The Brancatelli File



December 11, 2003 -- So how would you like this week's humbling dose of cosmic truth? Via a wickedly funny, but undoubtedly apocryphal, story making the rounds of the Internet? Or with a sad, but true, tale of life on the road witnessed by your frequent-flying reporter?

Ah, what the hell. 'Tis the season for giving, so let me give you both. Who knows, we may actually learn two lessons this week.

During last weekend's Nor'easter-cum-blizzard, or so the Internet tale goes, a lone United agent at Washington/Dulles struggled to rebook a long line of inconvenienced travelers.

One angry passenger pushed his way to the front of the line, slapped his ticket on the counter and said, "I have to be on this flight and it has to be first class."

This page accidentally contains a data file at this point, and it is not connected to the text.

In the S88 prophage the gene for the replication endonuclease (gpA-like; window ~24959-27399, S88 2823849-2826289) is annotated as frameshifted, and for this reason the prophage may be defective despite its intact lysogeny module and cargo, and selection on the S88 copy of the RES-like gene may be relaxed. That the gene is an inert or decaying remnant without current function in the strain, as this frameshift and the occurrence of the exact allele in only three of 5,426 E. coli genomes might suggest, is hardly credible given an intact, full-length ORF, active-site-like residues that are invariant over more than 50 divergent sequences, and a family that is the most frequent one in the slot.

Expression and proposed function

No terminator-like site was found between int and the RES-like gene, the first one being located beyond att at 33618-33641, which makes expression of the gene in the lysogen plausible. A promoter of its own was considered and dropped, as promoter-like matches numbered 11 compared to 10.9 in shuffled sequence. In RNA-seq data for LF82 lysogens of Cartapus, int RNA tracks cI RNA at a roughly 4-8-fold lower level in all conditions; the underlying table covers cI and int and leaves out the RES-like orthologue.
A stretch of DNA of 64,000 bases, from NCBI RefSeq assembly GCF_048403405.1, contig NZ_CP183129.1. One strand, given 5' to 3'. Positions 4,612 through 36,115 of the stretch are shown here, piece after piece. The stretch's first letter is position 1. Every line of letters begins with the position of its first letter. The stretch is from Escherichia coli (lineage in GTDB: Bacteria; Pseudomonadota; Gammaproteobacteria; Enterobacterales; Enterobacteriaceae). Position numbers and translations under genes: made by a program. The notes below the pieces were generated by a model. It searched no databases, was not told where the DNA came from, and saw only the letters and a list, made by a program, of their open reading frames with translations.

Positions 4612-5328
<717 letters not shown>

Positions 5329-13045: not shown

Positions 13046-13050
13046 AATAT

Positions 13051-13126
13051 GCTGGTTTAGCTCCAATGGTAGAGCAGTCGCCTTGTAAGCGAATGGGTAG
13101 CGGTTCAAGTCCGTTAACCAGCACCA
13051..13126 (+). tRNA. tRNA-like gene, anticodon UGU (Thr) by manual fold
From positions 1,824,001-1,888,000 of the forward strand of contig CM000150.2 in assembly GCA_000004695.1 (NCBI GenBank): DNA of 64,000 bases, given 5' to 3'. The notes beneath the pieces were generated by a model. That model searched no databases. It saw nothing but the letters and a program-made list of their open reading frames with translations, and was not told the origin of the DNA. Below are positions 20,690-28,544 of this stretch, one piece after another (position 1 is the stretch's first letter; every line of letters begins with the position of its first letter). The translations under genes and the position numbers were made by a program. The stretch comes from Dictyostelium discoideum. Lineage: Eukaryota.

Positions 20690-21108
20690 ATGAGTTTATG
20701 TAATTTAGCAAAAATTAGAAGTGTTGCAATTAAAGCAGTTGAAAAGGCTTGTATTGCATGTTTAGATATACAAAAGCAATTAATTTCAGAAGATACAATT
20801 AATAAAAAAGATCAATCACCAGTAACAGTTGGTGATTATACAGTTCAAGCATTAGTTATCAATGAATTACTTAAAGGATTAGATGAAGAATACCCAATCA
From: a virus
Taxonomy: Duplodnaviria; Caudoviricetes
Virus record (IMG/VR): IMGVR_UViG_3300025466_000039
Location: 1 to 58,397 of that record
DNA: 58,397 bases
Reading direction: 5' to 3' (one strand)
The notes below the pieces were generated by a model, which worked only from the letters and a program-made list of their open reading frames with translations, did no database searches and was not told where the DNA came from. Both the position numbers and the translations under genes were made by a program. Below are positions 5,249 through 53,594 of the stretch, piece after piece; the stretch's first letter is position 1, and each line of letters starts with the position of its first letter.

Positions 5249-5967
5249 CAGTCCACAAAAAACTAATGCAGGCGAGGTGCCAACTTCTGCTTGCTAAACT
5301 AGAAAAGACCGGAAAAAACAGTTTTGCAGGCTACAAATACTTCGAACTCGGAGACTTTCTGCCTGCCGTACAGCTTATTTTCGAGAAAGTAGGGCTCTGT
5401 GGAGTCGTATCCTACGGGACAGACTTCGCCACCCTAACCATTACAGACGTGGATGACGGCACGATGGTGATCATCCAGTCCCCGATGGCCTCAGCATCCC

"I'm sorry, sir," the agent replied, "I'll be happy to help you, but I've got to help these folks first."

"Do you have any idea who I am?" the angry man thundered.

Without hesitation, the gate agent smiled and grabbed the public-address mike. "May I have your attention, please," she began. "We have a passenger who does not know who he is. If anyone can help him, please come to the gate."

Since I get a blizzard of E-mails purporting to detail this encounter every time there's a snowstorm, this tale of karmic comeuppance is probably an urban legend. But here's something that actually happened to me a couple of years ago in Cracow, Poland.

Stranded at the Forum Hotel before the crack of a foggy dawn without a ride to the airport, I was bailed out by a Swiss gentleman who offered to share his cab with me. It turned out that we were both headed for the 6 a.m. LOT Polish flight to Warsaw.